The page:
Among the hustle and bustle of a trade show, it’s occasionally hard to see the micro-trends going on beneath the surface of grand presentations, hyperbole and shiny new innovations. This year, one of the surprising stars of the show was one many of us thought had been settled: materials.
For a while now, it has felt like smartphone design has coalesced around its ideal form: shiny glass slabs with metal frames. So it was a pleasant surprise to see some innovative material choices at play in the devices presented, especially when they get rid of the dreaded fingerprint problem.
BlackBerry Key2 LE
At first glance, the BlackBerryKey2 LE looks like a metal phone with a rubberized back plate. Pick it up and that initial impression is only reasserted. Little would most people notice though, that the metal-feeling frame of the phone is actually polycarbonate. It’s very well done, giving the feel of metal while keeping the costs and overall weight down. If it looks like metal and feels like metal, does it really matter if it’s plastic?
HTC U12 Life
The first device I saw at the show was the HTC U12 Life. It’s a plastic phone, which isn’t too surprising given its price tag, but HTC was very keen to let us know it had actual bits of metal blended into the etched acrylic. While it may still look and feel like a plastic phone overall, HTC deserves at least a little credit for trying something different with its 3D Ultra Stripes. Racing stripes may not stop plastic being plastic, but at least they reduce the appearance of fingerprints.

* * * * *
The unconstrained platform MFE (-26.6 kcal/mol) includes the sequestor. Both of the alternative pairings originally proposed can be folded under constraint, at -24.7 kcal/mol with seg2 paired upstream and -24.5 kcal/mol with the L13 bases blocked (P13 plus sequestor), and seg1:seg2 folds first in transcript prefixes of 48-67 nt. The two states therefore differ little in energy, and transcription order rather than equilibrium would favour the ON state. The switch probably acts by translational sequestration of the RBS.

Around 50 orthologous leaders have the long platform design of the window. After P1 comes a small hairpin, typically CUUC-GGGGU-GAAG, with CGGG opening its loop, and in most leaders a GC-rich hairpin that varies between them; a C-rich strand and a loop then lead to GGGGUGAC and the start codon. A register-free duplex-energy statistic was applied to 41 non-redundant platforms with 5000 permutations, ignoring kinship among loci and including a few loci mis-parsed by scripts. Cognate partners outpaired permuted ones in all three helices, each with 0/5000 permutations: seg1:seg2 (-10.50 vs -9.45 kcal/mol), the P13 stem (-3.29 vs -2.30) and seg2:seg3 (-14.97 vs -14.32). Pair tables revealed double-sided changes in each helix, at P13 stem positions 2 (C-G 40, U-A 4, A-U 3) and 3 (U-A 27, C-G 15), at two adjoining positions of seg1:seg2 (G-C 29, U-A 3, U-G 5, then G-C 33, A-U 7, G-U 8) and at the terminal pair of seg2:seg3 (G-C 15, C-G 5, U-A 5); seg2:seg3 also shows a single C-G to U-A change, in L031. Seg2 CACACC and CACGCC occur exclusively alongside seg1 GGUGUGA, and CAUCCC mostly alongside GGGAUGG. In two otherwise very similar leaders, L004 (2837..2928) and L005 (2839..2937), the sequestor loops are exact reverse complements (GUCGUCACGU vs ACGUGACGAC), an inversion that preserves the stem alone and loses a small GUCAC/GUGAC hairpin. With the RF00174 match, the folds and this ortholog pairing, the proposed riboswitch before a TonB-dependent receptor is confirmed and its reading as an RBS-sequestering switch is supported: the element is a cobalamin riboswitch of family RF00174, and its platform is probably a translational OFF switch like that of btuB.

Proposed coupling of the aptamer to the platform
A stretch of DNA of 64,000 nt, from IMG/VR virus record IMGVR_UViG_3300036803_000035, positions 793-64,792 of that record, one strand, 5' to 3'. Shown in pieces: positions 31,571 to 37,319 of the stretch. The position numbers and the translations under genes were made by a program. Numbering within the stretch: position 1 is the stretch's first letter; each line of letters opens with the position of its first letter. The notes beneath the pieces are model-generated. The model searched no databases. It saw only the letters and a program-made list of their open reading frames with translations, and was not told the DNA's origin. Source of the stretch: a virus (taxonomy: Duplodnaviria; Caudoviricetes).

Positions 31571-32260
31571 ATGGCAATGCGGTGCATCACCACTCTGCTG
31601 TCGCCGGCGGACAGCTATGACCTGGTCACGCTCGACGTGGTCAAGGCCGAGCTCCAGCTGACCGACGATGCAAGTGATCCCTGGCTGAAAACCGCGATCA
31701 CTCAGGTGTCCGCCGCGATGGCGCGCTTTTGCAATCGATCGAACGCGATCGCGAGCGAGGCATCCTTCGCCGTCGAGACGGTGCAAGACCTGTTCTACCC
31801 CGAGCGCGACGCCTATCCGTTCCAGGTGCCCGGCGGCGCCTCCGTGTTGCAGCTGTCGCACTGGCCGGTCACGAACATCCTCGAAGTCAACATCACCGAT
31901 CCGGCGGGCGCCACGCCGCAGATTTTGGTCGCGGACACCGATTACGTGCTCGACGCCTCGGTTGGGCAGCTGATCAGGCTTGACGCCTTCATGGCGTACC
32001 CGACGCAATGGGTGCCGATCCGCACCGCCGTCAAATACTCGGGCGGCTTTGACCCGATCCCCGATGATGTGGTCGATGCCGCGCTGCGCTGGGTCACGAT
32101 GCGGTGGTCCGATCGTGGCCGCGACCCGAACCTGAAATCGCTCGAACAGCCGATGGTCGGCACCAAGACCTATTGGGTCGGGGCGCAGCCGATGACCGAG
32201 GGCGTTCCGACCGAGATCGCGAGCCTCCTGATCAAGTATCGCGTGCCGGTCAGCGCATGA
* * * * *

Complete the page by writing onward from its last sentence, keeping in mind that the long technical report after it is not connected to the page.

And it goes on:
Huawei P20 Pro
The first leather phone I can remember liking was the LG G4 with its signature vertical stitching. Motorola’s leather back plates were also pretty great, but for whatever reason, most manufacturers have steered clear of putting out more than the occasional leather-backed phone. At IFA 2018, Huawei dropped two new leather-backed P20 Pros in black or brown color options, and they look great. Just when you thought the Twilight P20 Pro was the one to get, now you have some very nicely done alternatives.
LG G7 Android One
When I saw the LG G7 One I was initially more interested in the hardware missing from the phone than what the phone itself was made of. But after playing with it for a while it became obvious that what I had initially assumed was a metal back panel was actually not. There are two versions of the G7 One, one with shiny glass and another that looks like brushed metal. However, it too is made of brushed glass, proving that a glass-backed phone doesn’t always have to be a fingerprint magnet.
What all this goes to show is that, after a short period of visual similarity where every phone ostensibly looked like all the rest, OEMs are once again starting to play around with materials. I’ve long questioned the sanity of shiny glass phones that look disgusting mere seconds after you take them out of the box, so if the smartphone industry is now committed to investigating alternative solutions, I’m all for it.
Who do you think did the best job with materials at IFA? What would your ideal smartphone be made out of?